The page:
“This is America” Leads a Quiet Resurgence of Black Music Videos
Childish Gambino’s (Donald Glover’s) music video for “This is America,” a brilliant and provocative take on gun violence, minstrelsy, and Black life, has sent shockwaves through the nation. At a time when recent school shootings have ignited fierce public debates over gun violence and images of Black folks having the police called on them for life’s most banal and innocuous activities (hosting a Black barbecue, for example) are coursing through the veins of social media, “This is America” presents a sonic and visual masterpiece of powerful symbolism.
Musically, “This is America” offers a schizophrenic mixture of soulful vocal runs and genteel guitar lines in a major, pentatonic texture in one moment, and in the next trap-music-style rhythm and a droning bass line that creates an alarming and unsettling effect. This sonic texture serves as a large part of the mise-en-scène, by mirroring the stark visual contrast between Glover and the actions that take place around his singing, rapping, and dancing. Perhaps the most jolting aspect of the video is the lively and entertaining dance routines from Glover and a cadre of youth dressed in school uniforms amid the complete chaos unfolding around them.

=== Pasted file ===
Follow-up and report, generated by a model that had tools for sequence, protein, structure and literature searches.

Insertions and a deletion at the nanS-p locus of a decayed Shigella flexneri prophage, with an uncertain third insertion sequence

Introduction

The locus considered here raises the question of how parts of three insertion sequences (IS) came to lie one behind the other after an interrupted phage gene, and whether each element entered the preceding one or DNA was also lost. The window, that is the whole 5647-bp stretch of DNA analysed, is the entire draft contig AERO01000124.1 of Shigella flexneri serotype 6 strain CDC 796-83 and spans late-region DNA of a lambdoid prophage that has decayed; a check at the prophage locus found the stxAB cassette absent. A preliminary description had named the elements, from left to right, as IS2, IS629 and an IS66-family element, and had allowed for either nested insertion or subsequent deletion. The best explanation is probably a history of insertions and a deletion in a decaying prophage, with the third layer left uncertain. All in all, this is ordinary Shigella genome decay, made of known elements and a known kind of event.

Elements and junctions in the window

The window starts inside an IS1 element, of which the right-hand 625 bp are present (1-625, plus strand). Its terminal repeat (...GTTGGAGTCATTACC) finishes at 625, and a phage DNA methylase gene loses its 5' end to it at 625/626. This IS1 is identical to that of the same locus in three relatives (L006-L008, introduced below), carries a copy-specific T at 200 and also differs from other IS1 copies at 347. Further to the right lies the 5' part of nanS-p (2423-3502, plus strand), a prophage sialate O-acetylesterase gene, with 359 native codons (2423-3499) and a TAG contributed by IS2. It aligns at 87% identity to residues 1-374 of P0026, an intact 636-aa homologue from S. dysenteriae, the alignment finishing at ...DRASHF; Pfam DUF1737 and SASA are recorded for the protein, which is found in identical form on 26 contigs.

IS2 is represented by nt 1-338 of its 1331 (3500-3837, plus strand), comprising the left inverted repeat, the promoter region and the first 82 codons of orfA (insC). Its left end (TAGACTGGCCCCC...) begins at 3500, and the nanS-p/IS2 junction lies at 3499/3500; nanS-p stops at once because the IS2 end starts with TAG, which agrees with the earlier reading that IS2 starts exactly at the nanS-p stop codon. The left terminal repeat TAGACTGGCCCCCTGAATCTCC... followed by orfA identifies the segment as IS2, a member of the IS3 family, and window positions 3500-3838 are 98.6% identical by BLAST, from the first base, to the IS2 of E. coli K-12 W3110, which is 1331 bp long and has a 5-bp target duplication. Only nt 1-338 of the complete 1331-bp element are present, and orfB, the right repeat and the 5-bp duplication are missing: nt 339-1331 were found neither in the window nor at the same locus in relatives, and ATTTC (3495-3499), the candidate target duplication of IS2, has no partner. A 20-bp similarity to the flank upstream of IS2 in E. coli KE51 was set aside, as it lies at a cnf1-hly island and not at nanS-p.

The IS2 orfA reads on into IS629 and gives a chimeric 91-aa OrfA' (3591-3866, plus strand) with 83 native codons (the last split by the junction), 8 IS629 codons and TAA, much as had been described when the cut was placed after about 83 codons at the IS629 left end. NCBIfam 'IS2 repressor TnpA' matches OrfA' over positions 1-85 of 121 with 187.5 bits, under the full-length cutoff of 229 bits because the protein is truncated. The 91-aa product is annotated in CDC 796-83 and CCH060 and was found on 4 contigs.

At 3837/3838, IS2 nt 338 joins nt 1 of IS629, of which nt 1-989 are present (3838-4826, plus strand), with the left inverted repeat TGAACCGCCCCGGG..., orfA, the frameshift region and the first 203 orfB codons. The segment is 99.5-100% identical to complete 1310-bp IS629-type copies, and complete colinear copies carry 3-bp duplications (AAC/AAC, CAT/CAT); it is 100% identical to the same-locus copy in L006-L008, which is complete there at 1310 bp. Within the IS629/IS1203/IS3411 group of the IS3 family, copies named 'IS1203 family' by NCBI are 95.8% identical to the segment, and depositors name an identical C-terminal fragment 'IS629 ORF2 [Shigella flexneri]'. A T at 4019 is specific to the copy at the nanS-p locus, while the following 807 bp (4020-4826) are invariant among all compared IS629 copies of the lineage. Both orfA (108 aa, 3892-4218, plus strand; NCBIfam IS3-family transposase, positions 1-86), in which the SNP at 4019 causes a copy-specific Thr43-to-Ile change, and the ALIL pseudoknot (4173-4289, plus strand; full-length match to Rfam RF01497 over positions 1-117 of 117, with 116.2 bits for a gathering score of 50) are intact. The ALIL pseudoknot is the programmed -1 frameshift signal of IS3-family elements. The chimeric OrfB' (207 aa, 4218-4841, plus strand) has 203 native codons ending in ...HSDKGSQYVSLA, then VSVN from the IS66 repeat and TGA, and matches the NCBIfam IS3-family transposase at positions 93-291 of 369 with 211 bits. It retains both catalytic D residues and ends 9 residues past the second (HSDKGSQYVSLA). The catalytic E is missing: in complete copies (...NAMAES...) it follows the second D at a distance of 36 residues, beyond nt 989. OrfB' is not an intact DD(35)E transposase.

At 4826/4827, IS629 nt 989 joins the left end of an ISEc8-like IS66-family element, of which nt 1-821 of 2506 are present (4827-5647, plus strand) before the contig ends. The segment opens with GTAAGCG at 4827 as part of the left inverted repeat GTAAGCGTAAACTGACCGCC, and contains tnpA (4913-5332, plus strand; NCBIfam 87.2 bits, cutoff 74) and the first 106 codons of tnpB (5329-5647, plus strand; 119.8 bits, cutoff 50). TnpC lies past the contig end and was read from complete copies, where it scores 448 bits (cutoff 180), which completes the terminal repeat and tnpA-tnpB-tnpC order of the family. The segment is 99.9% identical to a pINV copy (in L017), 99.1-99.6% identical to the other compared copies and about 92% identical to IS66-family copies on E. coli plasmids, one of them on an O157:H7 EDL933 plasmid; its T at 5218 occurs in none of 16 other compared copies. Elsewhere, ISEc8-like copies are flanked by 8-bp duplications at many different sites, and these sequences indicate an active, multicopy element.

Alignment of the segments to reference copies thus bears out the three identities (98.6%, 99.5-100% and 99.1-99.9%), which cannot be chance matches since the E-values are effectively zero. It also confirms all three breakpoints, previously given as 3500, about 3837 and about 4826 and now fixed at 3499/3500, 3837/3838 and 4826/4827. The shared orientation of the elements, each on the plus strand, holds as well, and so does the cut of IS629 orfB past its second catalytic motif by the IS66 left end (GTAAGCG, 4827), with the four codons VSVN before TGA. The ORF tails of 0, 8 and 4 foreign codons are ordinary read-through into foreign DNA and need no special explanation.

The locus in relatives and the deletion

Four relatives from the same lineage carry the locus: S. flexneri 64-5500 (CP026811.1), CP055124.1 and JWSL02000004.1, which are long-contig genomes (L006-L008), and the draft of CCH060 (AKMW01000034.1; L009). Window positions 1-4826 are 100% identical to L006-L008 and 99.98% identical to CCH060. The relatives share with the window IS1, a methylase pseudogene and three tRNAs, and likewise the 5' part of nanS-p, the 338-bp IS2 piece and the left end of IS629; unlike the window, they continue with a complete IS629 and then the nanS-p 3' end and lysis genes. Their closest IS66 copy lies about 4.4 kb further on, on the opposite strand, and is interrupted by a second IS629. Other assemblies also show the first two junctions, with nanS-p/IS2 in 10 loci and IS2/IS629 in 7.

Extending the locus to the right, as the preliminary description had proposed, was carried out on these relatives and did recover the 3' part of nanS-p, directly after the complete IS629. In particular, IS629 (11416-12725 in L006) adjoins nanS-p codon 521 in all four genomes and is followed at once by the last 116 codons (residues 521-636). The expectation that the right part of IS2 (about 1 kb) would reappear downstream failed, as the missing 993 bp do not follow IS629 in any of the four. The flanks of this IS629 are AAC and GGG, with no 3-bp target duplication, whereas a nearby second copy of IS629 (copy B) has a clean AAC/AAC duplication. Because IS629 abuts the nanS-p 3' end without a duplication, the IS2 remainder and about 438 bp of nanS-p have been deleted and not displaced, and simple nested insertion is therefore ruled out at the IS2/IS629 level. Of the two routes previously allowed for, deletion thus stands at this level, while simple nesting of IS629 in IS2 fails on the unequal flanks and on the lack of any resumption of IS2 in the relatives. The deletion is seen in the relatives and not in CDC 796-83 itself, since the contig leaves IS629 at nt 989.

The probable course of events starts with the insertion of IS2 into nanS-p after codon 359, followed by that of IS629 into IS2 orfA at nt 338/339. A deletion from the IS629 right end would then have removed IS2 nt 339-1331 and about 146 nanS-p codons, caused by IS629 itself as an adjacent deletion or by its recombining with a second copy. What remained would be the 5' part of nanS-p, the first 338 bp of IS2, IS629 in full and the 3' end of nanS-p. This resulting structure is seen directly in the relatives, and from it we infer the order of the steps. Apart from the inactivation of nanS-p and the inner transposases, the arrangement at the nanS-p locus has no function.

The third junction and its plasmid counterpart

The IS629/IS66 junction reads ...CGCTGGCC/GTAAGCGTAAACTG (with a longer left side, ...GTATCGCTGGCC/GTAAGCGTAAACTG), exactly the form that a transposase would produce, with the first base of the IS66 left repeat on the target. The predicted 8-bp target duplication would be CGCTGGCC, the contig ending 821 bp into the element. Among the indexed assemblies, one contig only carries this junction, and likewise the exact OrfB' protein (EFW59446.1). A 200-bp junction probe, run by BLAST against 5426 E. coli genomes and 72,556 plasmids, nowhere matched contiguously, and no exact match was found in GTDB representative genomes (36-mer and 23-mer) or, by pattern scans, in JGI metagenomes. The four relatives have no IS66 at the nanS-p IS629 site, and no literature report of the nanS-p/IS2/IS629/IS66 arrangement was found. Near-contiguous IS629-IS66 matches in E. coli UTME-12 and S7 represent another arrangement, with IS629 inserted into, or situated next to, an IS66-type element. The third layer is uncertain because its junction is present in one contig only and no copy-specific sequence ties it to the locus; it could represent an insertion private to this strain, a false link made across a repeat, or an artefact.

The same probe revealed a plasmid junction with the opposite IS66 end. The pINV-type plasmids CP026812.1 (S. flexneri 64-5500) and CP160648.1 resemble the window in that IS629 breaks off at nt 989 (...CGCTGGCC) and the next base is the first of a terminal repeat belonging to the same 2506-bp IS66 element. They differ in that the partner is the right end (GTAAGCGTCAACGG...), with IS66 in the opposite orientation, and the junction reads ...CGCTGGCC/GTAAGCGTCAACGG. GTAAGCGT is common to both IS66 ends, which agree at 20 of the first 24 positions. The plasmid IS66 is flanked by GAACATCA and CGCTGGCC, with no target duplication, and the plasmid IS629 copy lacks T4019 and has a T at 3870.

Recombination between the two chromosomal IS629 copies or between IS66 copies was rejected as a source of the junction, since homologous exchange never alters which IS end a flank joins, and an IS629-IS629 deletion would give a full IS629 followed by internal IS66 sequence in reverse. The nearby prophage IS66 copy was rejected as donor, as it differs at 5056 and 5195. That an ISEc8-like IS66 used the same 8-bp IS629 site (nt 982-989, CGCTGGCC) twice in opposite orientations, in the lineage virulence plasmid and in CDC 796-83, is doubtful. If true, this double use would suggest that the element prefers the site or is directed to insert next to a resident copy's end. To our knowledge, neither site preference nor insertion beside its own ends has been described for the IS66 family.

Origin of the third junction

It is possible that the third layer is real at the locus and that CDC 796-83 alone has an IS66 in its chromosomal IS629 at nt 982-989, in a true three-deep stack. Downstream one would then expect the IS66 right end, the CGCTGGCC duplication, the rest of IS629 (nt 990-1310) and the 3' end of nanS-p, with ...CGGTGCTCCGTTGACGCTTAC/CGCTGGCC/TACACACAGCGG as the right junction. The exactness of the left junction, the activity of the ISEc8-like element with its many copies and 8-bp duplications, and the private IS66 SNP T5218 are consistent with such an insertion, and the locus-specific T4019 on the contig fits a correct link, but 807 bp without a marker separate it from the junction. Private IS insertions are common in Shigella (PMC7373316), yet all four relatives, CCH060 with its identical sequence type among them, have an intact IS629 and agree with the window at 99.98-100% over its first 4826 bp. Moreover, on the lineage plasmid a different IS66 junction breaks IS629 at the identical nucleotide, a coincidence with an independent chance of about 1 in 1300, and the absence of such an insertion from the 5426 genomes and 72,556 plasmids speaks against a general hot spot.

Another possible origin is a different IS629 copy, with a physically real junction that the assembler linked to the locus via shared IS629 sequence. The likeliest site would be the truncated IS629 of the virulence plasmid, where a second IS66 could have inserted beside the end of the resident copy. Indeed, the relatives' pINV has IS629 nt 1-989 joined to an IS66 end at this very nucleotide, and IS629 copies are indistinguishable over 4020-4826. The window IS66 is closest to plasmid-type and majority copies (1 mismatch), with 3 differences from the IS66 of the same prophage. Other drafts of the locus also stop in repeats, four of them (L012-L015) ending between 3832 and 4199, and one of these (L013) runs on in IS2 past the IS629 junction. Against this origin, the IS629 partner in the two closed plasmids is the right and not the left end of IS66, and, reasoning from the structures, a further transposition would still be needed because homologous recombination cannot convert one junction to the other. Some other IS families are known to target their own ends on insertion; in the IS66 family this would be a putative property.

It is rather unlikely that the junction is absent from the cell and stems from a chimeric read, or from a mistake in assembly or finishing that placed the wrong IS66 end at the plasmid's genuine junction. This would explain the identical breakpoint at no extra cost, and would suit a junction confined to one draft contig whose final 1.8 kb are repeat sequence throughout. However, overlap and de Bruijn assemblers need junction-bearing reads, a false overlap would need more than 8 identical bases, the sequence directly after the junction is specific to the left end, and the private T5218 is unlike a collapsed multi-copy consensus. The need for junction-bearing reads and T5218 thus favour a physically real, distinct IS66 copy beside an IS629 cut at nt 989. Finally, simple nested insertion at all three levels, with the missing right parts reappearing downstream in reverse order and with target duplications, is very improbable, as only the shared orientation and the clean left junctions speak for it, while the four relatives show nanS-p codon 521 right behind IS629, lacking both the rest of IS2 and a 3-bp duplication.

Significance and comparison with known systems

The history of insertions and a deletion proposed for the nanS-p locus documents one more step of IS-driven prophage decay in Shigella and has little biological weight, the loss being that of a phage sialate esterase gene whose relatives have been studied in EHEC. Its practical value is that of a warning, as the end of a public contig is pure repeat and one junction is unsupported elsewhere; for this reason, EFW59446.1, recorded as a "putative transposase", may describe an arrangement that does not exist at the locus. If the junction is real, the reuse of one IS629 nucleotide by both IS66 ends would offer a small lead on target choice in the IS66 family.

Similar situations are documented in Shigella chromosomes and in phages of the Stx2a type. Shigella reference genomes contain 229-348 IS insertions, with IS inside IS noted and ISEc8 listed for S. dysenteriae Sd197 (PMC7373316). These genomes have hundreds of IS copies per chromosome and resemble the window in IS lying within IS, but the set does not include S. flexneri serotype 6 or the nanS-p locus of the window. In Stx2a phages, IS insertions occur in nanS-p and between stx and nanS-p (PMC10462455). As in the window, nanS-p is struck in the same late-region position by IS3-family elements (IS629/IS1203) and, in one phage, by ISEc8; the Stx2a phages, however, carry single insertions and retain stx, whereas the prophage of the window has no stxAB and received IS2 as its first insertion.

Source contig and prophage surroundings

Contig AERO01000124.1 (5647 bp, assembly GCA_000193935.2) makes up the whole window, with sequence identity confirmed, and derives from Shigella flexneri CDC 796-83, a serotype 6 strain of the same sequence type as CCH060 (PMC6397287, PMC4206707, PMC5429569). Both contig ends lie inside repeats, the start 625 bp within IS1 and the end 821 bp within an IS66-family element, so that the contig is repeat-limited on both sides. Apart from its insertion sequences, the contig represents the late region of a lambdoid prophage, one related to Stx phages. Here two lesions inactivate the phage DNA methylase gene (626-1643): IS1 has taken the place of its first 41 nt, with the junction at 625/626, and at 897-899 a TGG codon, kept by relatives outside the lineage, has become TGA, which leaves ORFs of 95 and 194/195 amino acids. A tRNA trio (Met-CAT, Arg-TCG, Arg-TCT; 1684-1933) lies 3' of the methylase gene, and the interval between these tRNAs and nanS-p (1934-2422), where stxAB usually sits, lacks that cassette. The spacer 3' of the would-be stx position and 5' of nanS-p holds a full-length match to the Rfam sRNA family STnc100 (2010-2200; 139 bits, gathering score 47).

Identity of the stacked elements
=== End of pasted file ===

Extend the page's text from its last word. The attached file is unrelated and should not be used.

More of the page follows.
Directed by Hiro Murai, the sheer volume of acts that occur in the background of the video invites multiple viewings. This fact contributes most to the excitement this video has generated as viewers have auspiciously offered their own commentary and analyses, seemingly amazed at the quantity of details unnoticed at first glance. Such details include the delicate handling of weapons (each passed to a youth and wrapped in soft cloths) compared to the indelicate dragging of victim’s bodies (a clear reference to ideologies surrounding gun violence), the biblical pale horse of death seen riding through the background (see minute 2:36), as well as the depiction of a man jumping to his death (see minute 2:14).